Abstract

The ubiquitin system regulates essential cellular processes in eukaryotes. Ubiquitin is ligated to substrate proteins as monomers or chains and the topology of ubiquitin modifications regulates substrate interactions with specific proteins. Thus ubiquitination directs a variety of substrate fates including proteasomal degradation1. Deubiquitinase enzymes cleave ubiquitin from substrates and are implicated in disease2; for example, ubiquitin-specific protease-7 (USP7) regulates stability of the p53 tumour suppressor and other proteins critical for tumour cell survival3. However, developing selective deubiquitinase inhibitors has been challenging4 and no co-crystal structures have been solved with small-molecule inhibitors. Here, using nuclear magnetic resonance-based screening and structure-based design, we describe the development of selective USP7 inhibitors GNE-6640 and GNE-6776. These compounds induce tumour cell death and enhance cytotoxicity with chemotherapeutic agents and targeted compounds, including PIM kinase inhibitors. Structural studies reveal that GNE-6640 and GNE-6776 non-covalently target USP7 12 Å distant from the catalytic cysteine. The compounds attenuate ubiquitin binding and thus inhibit USP7 deubiquitinase activity. GNE-6640 and GNE-6776 interact with acidic residues that mediate hydrogen-bond interactions with the ubiquitin Lys48 side chain5, suggesting that USP7 preferentially interacts with and cleaves ubiquitin moieties that have free Lys48 side chains. We investigated this idea by engineering di-ubiquitin chains containing differential proximal and distal isotopic labels and measuring USP7 binding by nuclear magnetic resonance. This preferential binding protracted the depolymerization kinetics of Lys48-linked ubiquitin chains relative to Lys63-linked chains. In summary, engineering compounds that inhibit USP7 activity by attenuating ubiquitin binding suggests opportunities for developing other deubiquitinase inhibitors and may be a strategy more broadly applicable to inhibiting proteins that require ubiquitin binding for full functional activity.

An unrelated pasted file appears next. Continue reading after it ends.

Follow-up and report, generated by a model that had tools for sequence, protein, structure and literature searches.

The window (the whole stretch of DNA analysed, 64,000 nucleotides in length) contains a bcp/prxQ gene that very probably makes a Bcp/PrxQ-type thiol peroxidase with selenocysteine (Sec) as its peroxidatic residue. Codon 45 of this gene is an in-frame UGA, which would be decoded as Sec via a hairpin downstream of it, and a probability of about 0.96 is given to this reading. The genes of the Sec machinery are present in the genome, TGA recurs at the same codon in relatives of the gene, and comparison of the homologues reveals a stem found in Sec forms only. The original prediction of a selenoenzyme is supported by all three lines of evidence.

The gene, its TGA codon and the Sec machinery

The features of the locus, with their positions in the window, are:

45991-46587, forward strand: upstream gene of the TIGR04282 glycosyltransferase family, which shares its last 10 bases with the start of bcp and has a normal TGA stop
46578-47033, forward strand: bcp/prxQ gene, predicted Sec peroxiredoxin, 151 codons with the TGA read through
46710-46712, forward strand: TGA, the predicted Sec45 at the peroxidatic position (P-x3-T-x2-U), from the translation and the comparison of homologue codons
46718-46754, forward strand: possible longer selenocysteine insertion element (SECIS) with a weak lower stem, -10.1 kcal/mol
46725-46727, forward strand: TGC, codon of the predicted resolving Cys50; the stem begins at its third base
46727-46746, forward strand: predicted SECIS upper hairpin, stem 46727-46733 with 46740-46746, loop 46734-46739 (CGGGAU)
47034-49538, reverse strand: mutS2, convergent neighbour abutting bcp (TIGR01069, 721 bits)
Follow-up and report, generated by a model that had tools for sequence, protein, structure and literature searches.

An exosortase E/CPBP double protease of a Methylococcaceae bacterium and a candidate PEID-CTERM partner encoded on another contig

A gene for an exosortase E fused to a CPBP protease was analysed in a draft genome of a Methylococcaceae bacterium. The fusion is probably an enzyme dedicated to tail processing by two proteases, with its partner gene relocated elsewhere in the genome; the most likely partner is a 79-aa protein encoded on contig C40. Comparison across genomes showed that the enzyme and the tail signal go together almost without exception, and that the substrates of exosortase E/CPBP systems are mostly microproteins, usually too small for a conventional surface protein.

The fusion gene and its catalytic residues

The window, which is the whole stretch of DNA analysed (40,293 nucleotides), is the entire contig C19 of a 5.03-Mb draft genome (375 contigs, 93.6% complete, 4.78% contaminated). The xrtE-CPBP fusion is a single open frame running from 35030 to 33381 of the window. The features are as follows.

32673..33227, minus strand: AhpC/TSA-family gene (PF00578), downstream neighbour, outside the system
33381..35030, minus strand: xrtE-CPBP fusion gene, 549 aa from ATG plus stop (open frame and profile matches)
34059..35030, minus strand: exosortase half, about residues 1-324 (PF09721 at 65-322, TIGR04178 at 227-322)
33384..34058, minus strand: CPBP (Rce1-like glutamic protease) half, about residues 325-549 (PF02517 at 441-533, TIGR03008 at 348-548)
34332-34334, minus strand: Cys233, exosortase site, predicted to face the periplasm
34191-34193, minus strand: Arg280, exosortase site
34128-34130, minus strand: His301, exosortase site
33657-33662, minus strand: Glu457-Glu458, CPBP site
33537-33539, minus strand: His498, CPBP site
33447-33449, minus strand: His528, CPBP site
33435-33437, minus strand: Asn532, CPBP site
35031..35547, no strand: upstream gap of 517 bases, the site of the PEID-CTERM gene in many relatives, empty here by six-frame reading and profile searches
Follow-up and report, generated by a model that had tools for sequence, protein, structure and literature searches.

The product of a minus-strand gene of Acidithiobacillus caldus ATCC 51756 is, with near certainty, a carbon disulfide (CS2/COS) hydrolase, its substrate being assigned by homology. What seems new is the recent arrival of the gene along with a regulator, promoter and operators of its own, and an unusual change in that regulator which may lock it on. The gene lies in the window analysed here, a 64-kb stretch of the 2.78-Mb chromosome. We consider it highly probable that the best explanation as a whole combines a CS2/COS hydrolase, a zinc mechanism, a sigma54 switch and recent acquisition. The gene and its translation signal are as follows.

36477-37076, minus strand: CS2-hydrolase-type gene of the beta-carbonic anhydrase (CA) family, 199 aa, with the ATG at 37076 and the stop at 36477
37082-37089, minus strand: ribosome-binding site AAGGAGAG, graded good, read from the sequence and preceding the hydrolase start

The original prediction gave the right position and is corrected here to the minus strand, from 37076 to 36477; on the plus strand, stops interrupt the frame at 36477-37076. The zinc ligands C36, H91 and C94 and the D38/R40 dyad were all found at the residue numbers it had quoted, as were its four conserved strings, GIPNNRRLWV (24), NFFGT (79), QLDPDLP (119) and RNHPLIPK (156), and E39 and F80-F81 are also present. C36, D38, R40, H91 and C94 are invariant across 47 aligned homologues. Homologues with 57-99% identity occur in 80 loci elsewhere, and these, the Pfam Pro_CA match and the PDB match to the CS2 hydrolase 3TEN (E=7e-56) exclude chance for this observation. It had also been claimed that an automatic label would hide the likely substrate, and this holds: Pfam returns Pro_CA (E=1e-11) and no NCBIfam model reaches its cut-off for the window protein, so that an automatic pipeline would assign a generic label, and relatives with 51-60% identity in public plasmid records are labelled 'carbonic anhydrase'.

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Biological Magnetic Resonance Data Bank

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Acknowledgements

We thank W. Fairbrother, L. Frick, S. Fong, E. Helgason, T. Hunsaker, C. Lam, B. Liederer, M. Merchant, J. Nonomiya, J. Peng, T. Pham, L. Rangell, R. Rodriguez, U. Segal, R. Tong, L. Wang, R. Gennis, T. Iwasaki, the Genentech Protein Expression, Cell Central, gCSI, and Sequencing groups, and the Boston Biochem team for reagents and collaborations. Use of the Stanford Synchrotron Radiation Lightsource, SLAC National Accelerator Laboratory, was supported by the US Department of Energy, Office of Science, Office of Basic Energy Sciences under contract number DE-AC02-76SF00515. The SSRl Structural Molecular Biology Program was supported by the DOE Office of Biological and Environmental Research, and by the National Institutes of Health, National Institute of General Medical Sciences (including P41GM103393). The contents of this publication are solely the responsibility of the authors and do not necessarily represent the official views of National Institute of General Medical Sciences or the National Institutes of Health.

Author information

Author notes

    • Lorna Kategaya
    • , Paola Di Lello
    •  & Lionel Rougé

    These authors contributed equally to this work.

Affiliations

  1. Department of Discovery Oncology, Genentech, South San Francisco, California 94080, USA

    • Lorna Kategaya
    • , Eva Lin
    • , John-Paul Upton
    • , Sumit Prakash
    • , Johanna Heideker
    • , Mark McCleland
    • , Scott E. Martin
    •  & Ingrid E. Wertz
  2. Department of Early Discovery Biochemistry, Genentech, South San Francisco, California 94080, USA

    • Lorna Kategaya
    • , John-Paul Upton
    • , Sumit Prakash
    • , Johanna Heideker
    • , Mark McCleland
    •  & Ingrid E. Wertz
  3. Department of Structural Biology, Genentech, South San Francisco, California 94080, USA

    • Paola Di Lello
    • , Lionel Rougé
    • , Jeremy Murray
    •  & Till Maurer
  4. Department of Discovery Chemistry, Genentech, South San Francisco, California 94080, USA